dude, i love stories like this. keep on telling us because as you do, you continue to help and influence all the brilliant people you come across in your day. by hearing your stories, you make me more aware. changing people one person at a time, honey. xoxo

Jenn said...

"I had no part in that success and yet it was mine all the same."

Wrong. I'm guessing you had so very much to do with it, even if he didn't do it in your presence.

Beck said...

The fact that he came back to show you the new, cleaned-up him says to me that you had a lot to do with him getting clean.

The Chick said...

Your stories remind me so much of my time as a public health social worker and my time as a volunteer in an AIDS hospice. I KNOW these folks you know. It's not just the work you do that's important....it's the sharing. Keep it up.

Oh, The Joys said...

These are the moments that keep you in the fight. I wish they happened every day.

Christine said...

oh jen--you had a lot to do with i am sure. i hope he has the best of luck and finds the peace he has been seeking for so long.

QT said...

That is great. Even in my personal life I have encountered people that I think "I have done everything I can for you, dude - godspeed". Over time, any sense of bitterness I may have had transformed itself into hope that the person actually would somehow just make it.

I guess that is my long way of saying I think I know how you felt when you walked out that door. And A, well, he beat the odds, didn't he?

biodtl said...

What a great story! It's nice to hear a happy ending.

Gwen said...

that gave me shivers, jen. the good kind.

Julie Pippert said...

Aw, warm and fuzzy. I am so glad for him. So glad for you.

Julie
Ravin' Picture Maven

kgirl said...

When you started this story with A was, I was expecting a very different ending. So glad I was mistaken.
Everybody deserves a happy ending.

Tabba said...

I love these stories, Jen. They always give me chills. In a good, good way.

NotSoSage said...

Thank you for seeing through it all to his goodness and for sharing it with us. I wish him the best of luck.

Bon said...

what a long, strange trip indeed...for both of you, to make it to that meeting place, paths apparently fully diverged and yet clearly, briefly connected.

i am glad he has made his way.

i am sure that you helped him build some basis for the something that finally clicked, just as he helped you build yourself along the way.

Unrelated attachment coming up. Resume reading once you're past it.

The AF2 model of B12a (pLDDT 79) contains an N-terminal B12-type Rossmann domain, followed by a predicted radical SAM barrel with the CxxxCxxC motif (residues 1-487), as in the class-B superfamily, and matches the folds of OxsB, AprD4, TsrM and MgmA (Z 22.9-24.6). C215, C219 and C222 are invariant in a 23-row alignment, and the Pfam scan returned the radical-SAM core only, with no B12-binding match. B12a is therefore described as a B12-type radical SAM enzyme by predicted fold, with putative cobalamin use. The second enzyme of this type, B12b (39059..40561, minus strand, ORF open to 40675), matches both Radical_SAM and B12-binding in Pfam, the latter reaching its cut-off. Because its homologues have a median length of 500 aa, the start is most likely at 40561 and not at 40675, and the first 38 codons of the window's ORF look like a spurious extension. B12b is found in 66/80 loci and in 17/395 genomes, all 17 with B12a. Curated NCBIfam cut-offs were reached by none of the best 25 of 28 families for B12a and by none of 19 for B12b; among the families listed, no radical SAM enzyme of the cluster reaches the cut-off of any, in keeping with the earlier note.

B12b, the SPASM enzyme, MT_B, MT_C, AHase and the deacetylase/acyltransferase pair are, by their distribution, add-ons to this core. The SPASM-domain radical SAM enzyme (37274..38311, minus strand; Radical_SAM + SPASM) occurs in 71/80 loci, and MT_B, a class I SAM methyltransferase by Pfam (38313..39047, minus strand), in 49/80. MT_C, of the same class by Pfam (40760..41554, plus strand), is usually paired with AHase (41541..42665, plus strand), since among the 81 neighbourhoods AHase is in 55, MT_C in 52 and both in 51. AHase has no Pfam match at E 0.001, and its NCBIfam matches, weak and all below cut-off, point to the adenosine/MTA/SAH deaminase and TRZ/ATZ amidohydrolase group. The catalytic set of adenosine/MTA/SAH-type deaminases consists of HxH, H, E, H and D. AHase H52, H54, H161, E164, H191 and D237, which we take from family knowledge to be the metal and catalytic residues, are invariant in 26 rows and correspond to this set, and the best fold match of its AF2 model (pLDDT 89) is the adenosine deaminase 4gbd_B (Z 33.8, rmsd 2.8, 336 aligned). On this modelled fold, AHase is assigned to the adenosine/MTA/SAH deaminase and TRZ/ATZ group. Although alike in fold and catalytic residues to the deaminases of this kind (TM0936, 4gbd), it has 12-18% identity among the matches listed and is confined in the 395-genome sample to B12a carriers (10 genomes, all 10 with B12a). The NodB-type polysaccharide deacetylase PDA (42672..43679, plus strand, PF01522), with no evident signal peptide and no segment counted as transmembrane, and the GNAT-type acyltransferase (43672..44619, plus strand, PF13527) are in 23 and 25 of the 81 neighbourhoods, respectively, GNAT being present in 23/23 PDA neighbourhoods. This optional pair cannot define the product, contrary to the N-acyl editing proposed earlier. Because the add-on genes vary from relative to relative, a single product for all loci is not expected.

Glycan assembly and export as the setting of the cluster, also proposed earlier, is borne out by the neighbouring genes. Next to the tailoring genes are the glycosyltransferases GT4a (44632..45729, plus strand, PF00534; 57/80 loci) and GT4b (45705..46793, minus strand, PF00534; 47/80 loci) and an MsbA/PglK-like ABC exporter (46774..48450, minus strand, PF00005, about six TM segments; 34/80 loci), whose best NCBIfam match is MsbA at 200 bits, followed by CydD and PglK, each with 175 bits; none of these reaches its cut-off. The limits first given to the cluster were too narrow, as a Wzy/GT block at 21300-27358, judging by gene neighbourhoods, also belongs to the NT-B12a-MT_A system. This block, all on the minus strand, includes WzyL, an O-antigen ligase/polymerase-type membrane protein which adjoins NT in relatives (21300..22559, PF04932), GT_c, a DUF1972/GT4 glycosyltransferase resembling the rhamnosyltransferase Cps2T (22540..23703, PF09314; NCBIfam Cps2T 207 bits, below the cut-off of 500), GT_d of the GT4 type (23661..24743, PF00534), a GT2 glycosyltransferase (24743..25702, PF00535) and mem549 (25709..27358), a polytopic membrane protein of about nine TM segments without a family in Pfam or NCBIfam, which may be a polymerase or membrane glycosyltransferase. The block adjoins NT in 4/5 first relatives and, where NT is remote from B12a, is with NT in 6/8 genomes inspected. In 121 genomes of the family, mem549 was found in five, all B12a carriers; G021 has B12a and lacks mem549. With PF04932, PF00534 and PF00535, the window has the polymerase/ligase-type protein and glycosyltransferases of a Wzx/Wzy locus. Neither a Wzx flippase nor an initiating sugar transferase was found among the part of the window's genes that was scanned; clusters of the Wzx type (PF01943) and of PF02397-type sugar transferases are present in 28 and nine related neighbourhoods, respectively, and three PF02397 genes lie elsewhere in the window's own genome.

you've done good then, both of you.

jennifer said...

Beautiful story- letting yourself near people is a real talent, I think.

FENICLE said...

My cousin once told me - "It's the ups that keep us going and the downs that make us stronger."

To me, your story screams that.
Thanks for sharing!

Her Grace said...

It's stories like these that give us all hope.

And I agree with Jenn, the success is his, and yours.

You're special people, Jen.

flutter said...

This is fantastic. Sometimes people just take a few times to get it, no?

I am glad you got to see the good part.

Amy York said...

What a lovely story! It gave me goosebumps!
I firmly believe that we only change when we are ready... whether it's to be healthy, lose weight, be a better person, etc. He wasn't ready until he was ready and nothing wonderful you did to help him would have changed that. I'm so glad for you that you got the chance to bask in his (and yours too, finally) success. I hope it sticks this time!

mitzh said...

Such an inspiring story. It feels so good, eh?
Change do comes naturally when you want it.

You always have my respect for being who you are.

Jennifer said...

I'd bet A would beg to differ when you say you didn't have anything to do with his success.

Here's to the suit finally fitting!

Janet said...

Like kgirl, I thought this story wasn't going to end well. I was honestly thinking, "How does Jen keep doing her job when she has to watch people fall down, over and over again?"

Then? The Hollywood ending!

I love that he came back to see you. I think it means that he believes you played an important role. Or, at the very least, he cared about you.

blooming desertpea said...

A little spark on a dark night - but gives you light for a decade - it's called Gratitude.

Lawyer Mama said...

That's wonderful!

And don't moments like that make all the heartbreak worth while.

crazymumma said...